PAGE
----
Even with automated payments and direct deposit options, there are times when we still must handle paper checks. Unfortunately, accidents can happen before you make it to the bank. If you have a damaged check, you may be wondering if your financial institution will accept it. The good news is that you may still be able to deposit a ripped check and get your money.
Evaluate the Condition of a Ripped Check
Before you can cash a damaged check, you have to be certain that no vital information was lost and that it is still valid. If you try to deposit the check at an ATM, the machine may not be able to process it. Most banks also refuse to accept them via mobile deposits as well.
However, some banks will deposit a ripped check so long as all the vital information is clearly visible. If the damage has not affected the account name and number, the check issuer’s name and signature, the date, or the total sum in numbers and words, they may cash it for you.
Remember, that invalid checks will not be approved. Check fraud is more common than you might think. Don’t try to tape or glue it yourself because you could make the situation worse. First, the ATM may not be able to read it. Furthermore, it could be flagged as suspicious or fraudulent.
Policies to Deposit a Damaged or Ripped Check
Whether or not you can deposit the check depends upon the specific bank’s policies. Some will process ripped checks for a fee. So, your first option is to call your bank or visit a teller. Explain what happened and see if they will take care of it for you. Personally, I would call the customer service line before heading to the bank. A few phone calls will save you time waiting in line.
Even if the first bank will not accept the ripped check, other banks may differ. Check with any financial institution where you have an account. Chances are that one of they will be able to process it for you.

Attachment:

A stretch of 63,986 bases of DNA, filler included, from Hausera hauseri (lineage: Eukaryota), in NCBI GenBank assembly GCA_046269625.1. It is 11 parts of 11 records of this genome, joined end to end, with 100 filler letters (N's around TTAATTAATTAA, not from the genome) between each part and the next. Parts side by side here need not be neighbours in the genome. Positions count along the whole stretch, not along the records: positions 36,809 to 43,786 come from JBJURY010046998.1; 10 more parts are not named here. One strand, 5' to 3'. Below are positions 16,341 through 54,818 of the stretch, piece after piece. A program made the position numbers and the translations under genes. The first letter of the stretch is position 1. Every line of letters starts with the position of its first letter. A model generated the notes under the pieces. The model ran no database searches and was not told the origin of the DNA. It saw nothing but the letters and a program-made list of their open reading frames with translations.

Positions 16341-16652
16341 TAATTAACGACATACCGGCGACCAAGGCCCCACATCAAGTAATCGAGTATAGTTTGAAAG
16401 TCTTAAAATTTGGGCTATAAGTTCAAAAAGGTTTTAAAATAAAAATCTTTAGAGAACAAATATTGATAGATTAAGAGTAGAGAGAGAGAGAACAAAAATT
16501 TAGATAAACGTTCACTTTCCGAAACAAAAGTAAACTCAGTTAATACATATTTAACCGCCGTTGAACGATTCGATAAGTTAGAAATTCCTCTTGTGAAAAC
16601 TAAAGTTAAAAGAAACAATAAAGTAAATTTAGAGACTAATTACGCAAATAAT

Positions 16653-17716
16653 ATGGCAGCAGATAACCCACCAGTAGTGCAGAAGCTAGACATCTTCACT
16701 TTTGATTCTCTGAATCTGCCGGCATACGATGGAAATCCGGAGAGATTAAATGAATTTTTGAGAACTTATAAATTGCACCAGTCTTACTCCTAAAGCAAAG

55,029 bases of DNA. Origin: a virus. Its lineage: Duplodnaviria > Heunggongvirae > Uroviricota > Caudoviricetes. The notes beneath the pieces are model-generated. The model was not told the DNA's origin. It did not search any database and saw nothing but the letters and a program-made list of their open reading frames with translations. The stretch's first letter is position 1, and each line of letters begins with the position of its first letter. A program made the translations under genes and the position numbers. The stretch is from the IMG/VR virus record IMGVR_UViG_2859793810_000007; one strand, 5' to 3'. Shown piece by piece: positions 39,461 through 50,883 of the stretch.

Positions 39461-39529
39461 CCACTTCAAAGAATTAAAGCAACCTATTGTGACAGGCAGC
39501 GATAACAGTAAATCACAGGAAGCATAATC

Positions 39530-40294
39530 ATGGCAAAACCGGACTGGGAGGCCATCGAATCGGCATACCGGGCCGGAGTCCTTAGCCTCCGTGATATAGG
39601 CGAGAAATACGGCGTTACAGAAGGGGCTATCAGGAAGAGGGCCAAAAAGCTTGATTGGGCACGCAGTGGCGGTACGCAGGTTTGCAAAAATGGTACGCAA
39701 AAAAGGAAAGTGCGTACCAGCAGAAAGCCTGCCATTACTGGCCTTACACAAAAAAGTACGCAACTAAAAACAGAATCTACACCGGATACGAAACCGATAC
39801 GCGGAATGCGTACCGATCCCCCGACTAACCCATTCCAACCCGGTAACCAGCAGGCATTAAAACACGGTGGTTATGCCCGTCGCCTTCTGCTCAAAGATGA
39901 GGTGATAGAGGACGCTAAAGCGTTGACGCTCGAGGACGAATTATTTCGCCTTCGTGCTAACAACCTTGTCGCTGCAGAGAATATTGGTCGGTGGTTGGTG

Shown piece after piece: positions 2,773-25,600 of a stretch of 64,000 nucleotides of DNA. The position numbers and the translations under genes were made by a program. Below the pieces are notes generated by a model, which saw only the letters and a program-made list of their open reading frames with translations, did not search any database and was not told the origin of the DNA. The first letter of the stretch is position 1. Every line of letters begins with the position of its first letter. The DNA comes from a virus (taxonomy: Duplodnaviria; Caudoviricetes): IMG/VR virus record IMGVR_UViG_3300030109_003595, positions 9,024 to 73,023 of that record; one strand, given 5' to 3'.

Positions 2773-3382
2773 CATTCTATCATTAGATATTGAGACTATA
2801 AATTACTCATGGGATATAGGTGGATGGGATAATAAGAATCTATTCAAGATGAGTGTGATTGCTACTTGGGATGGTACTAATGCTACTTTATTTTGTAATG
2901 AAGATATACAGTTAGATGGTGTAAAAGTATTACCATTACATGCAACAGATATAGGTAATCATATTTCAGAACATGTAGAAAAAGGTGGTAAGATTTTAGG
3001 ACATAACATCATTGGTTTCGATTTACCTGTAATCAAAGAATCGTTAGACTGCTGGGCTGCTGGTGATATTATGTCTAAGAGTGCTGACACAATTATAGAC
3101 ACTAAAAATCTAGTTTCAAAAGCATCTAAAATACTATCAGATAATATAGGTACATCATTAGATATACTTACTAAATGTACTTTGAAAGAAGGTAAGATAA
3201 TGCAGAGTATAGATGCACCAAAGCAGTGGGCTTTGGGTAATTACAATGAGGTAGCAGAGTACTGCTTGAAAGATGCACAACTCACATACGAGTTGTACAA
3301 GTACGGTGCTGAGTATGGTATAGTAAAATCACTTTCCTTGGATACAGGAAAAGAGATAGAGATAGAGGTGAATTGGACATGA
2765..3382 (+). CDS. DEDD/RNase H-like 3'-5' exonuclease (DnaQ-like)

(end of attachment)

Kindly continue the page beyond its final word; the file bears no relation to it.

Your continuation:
Options If You Cannot Deposit a Ripped Check
If you have run out of luck with the banks, there is one last option available. You can also approach the company or individual to replace the damaged check. Rest assured that you are not the first personal to call about reissuing a check. Most companies have standardized policies for just this situation. The process is relatively simple in most cases, but they usually request that you return the ripped check for security reasons.
If it is a personal check, it is a much simpler situation. When you speak with the person who issued the check, explain what happened. Be apologetic for the inconvenience and ensure them that you will not cash the original one. Better yet, offer to return it so they can destroy it themselves. Even if you cannot deposit a ripped check, there may still be options to help you get your money.
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